Contemplating the New Year, travel first

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IMG 0009Busy Christmas. Boatload of options for 2012. Early January travel to shape a bridge between the two.

That’s my annual approach: live December’s holidays to the hilt blending as many friends and family of all ages and interests as possible, and then open a big window to the imminent future.

Bridging the blended family busy-ness of December holidays with the unlimited vistas of a new year for me requires long walks, best taken away from home.

The woods surrounding a little town on the North Georgia/Tennessee state line gave me the focus I needed.    

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Folk art needs to play a role in Traveling Mom’s new year.

Six hours of interstate driving from my home to McCaysville, returning four-year-old granddaughter Mattie Jewell to her parents in Atlanta en route, arriving in time for the New Year’s Eve gathering of neighbors with second-home cabins on Fightingtown Creek.   

I was the dud of the party and stepson Allen and his wife Bev who co-own our cabin on the creek could testify to that.

Partied out I was, more suited to sitting and staring and eventually thinking and planning.

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Gazing at the flames lulls the brain to a contemplative place.

Contemplative is my travel parameter for ringing in the new year through its first week.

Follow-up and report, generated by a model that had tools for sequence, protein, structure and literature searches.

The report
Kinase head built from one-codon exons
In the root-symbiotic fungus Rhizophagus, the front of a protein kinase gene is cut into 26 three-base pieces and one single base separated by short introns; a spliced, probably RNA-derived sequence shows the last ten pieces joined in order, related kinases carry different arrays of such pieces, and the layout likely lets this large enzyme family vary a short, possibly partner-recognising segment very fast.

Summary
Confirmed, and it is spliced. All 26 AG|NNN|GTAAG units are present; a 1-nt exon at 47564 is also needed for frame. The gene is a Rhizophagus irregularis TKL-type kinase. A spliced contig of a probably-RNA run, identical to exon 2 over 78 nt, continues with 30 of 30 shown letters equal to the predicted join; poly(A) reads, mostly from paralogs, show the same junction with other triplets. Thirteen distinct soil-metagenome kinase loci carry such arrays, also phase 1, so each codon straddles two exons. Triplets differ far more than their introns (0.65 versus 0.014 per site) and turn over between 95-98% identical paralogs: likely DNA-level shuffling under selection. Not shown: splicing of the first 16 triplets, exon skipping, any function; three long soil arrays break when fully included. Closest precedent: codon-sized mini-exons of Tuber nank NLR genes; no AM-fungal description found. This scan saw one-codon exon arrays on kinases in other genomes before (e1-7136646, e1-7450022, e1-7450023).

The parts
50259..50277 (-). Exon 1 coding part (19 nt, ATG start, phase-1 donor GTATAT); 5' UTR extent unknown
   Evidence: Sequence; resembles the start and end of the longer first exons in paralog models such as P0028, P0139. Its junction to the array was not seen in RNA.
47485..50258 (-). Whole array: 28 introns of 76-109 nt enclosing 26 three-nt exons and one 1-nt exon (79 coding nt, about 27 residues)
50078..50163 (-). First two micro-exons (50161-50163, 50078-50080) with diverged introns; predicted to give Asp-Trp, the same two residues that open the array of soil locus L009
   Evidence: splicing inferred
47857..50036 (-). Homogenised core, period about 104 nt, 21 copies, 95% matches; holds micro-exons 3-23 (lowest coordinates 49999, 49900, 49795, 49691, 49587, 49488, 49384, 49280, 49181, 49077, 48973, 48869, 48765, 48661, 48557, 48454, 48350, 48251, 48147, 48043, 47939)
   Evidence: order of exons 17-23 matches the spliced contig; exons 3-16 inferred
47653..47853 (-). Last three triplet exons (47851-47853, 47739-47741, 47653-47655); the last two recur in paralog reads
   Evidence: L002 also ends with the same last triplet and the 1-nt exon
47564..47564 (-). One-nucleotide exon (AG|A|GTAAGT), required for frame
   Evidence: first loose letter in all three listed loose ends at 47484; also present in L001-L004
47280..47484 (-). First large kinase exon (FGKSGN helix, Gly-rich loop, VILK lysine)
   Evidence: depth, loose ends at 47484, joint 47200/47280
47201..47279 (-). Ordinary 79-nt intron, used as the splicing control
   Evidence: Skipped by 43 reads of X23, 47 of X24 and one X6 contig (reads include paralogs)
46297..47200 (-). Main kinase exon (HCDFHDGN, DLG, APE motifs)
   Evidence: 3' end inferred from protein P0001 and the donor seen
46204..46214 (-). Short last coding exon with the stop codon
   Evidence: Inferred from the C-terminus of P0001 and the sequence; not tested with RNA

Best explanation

The cabin’s stacked stone fireplace is fine for cheery conversations most of the time; bridging 2011 and ‘12 called for simply staring. No talk.

Plus perhaps receiving some energy from the art on the mantle, painted decades ago by my friend Mary Alice when we were raising young sons at the same schools.

Stoking those fires nearly emptied half of the woodshed.  Ah-hah! Half full or half empty?

I was using these travel days to shape my new year in the full and happy mode. Hiking is a chore, actually punishment for my husband.

For me it’s a brain releaser, delivering clarity and calmness.  I hope that shows all year for the many generations in my blended family of six grown children.

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Fightingtown is the name of the creek and some of the paths in the woods follow its banks.
 

Top Photo: Half full or half empty – the woodshed and the possibilities for 2012

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